Once upon a time when my babies were small, kissing boo-boos satisfied them though the tears continued to leak from their eyes. I remember the day reality hit, and my five year old called me out on the whole “kiss-my-boo-boo-Mommy” tact. When I offered to kiss his owie, he promptly retorted, “That doesn’t work Mommy.”
So, we got out the wash cloth and medicine. As I went to work on his bleeding scrape he hollered at me, “That’s making it WORSE!”
But honestly? Sometimes things really do get worse before they get better. My recent Bible study on the phrase “it is better” was quite educational—in fact, I uncovered the idea that many of the feel bad things in life are actually “better” for us. So, the question becomes how can things that we think of as bad, actually be better?
The answer is unearthed by diving into God’s word and searching out His meaning by these words.
STUDY NOTE: The best way to discover what God means by HIS words is to press pause on our own pre-conceived notions about who God is and how He works. Ask God to help you extract His meaning in the words, rather than trying to insert a meaning into the words we already “know.”
Let’s come at the following texts afresh together looking to hear from God!
“Mourning” is Better?
My go-to verse whenever I am faced with death is Ecclesiastes 7:2—“It is better to go to the house of mourning than to go to the house of feasting, for this is the end of all mankind, and the living will lay it to heart.” (ESV)
Yep. You read that right. King Solomon said it. And it’s in the Bible, so it’s true.
STUDY NOTE: The best way to get a feel for what a writer is saying is to pick up the context. Sometimes it can be gleaned from grabbing just a few verses before, and other times you might need to back up a few chapters. Example—you’d never take a letter from a friend, start reading it half way through the second page and expect to understand where they were coming form. So why do we often approach the Bible this way?
Let’s see where Solomon was going with these words.
If you rewind back to chapter 6, it’s kind of like reading Solomon’s diary. He’s talking about the vain pursuit of man and concludes that wealth is worthless. In Chapter 7 he goes right for the kill (pardon the pun) in verse 1 when he says the “day of death” is better than “the day of birth.”
Excuse me? Dying is actually better than being born? Woah, that’s a little different than how we generally look at the order of life. Though I know the death of God’s people is “precious in the sight of the Lord,” to state that death is better than birth kind of blows my mind. But good news—we have the answer as to why he says this in verse 2.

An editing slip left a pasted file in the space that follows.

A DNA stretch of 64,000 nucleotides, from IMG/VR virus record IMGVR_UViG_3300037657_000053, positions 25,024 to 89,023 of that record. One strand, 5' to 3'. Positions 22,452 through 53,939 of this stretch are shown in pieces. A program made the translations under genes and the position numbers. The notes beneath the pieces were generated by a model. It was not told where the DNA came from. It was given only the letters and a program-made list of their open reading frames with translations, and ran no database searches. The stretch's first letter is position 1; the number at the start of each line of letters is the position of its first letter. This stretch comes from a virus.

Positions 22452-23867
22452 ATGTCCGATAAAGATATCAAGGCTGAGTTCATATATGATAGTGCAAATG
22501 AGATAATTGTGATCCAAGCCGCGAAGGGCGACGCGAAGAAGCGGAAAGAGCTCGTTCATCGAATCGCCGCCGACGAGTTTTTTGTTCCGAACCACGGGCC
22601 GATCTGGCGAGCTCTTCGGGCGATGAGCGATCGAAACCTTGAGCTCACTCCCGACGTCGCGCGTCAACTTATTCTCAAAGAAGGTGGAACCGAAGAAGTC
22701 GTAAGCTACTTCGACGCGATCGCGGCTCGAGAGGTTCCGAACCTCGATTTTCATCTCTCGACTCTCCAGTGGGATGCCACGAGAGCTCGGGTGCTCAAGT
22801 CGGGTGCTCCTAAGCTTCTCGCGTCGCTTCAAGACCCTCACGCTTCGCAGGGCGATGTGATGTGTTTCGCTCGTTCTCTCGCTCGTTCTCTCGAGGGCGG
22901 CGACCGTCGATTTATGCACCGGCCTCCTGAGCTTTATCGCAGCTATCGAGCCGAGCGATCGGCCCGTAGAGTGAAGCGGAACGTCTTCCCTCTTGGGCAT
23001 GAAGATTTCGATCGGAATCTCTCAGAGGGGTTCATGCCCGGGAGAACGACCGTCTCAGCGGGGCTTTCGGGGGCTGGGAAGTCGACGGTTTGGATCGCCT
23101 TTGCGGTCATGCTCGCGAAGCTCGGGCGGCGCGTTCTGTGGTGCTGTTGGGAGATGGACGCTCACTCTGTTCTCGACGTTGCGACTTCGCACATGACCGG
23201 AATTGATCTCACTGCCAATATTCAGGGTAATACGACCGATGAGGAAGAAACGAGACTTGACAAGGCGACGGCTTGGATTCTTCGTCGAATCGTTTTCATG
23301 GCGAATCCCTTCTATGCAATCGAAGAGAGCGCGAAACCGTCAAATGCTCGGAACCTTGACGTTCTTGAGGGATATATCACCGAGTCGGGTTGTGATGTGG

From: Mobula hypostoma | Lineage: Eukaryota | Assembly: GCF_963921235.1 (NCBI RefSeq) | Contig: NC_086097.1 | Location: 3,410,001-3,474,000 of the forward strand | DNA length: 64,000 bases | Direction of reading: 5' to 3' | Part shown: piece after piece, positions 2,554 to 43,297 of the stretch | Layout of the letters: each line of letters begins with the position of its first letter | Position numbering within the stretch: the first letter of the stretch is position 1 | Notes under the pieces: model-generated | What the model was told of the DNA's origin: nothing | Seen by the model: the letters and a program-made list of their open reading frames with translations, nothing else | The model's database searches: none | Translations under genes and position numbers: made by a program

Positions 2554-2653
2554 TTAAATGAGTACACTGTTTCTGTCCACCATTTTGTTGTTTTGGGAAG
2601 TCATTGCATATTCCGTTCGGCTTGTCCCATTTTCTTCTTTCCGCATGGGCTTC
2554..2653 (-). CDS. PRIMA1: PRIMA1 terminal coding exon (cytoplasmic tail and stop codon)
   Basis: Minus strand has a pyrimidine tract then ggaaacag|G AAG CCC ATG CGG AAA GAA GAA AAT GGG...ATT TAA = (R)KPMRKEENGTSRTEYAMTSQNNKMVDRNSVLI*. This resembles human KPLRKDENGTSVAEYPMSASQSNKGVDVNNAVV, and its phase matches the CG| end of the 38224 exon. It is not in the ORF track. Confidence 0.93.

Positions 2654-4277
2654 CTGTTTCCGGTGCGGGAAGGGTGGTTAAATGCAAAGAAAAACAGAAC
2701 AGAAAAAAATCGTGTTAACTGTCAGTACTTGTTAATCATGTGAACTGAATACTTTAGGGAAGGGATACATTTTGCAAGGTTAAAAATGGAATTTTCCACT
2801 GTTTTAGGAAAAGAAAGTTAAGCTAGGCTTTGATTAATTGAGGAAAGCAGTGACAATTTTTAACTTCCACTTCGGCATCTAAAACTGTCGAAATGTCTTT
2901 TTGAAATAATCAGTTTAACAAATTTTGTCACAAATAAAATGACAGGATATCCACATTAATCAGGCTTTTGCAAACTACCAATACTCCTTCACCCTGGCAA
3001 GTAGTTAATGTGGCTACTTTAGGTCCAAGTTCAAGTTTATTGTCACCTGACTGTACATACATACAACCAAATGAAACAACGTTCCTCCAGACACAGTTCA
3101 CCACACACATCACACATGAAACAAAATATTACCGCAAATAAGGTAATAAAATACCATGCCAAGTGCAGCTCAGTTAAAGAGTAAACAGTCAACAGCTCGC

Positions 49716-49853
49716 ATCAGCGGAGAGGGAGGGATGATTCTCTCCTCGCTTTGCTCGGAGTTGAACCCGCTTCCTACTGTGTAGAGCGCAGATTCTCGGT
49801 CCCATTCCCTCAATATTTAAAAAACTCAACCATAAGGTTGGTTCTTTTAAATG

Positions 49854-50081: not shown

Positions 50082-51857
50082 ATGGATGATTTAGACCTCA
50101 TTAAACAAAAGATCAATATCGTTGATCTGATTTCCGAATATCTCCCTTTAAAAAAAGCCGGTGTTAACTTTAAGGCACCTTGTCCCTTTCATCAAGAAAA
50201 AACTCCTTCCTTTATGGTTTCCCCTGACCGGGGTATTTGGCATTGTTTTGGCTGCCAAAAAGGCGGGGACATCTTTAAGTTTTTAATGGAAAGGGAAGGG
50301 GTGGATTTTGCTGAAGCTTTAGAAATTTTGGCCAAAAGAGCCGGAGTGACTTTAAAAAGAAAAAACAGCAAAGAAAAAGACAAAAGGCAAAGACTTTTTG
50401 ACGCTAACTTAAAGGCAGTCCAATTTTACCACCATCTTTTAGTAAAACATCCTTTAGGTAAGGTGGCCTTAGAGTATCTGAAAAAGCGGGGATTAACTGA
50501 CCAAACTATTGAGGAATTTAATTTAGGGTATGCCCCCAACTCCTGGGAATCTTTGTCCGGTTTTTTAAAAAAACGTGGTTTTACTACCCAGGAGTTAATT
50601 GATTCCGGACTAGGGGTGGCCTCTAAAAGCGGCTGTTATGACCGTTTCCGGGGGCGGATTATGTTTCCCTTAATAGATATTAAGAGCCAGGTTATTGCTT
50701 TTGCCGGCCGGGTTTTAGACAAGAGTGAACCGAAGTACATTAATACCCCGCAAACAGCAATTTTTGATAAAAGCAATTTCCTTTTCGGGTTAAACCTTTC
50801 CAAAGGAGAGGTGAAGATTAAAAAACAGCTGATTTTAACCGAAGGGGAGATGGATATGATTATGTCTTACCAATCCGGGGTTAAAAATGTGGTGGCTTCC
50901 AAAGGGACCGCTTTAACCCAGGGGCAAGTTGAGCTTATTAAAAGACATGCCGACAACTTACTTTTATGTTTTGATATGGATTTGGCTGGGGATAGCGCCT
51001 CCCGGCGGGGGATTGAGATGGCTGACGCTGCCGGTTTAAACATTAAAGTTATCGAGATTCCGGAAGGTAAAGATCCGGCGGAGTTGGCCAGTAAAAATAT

“…this is the end of all mankind and the living will lay it to heart.”
What do we, the living, lay to heart? Our end—our death. This contemplation leads us to consider where we’ll go when we die, how we’ve been living, and who we’ve been living for. For the believer in Christ, that means we head straight for the Gospel! Our hope! Walking in the wake of death is a crucial time for the unbeliever, a season which God often uses to draw the unsaved person to Himself.
And that is the value of walking through the valley of the shadow of death—we are faced with the truth that life on earth isn’t all there is. There’s something MORE important to God than this exhale, this vapor we call life. It’s the afterlife with Him. And if death is a means to prepare us for what’s most important, than it is better to hang out at funerals and read obituaries than to live oblivious to our fragile needy state in the sight of God.
So there you have it! We meditated on just one verse that contains the phrase “it is better.” There are several more to look at, so pull up a seat, grab a coffee and enjoy!
Happy studying—and may the grace of God inform your hearts and minds as you go deeper into His word!
Christy Pearce is a wife, stay at home Mommy of 3, writer and speaker. Her passion is to proclaim God’s truth and make Jesus known! You can connect with her at her blog.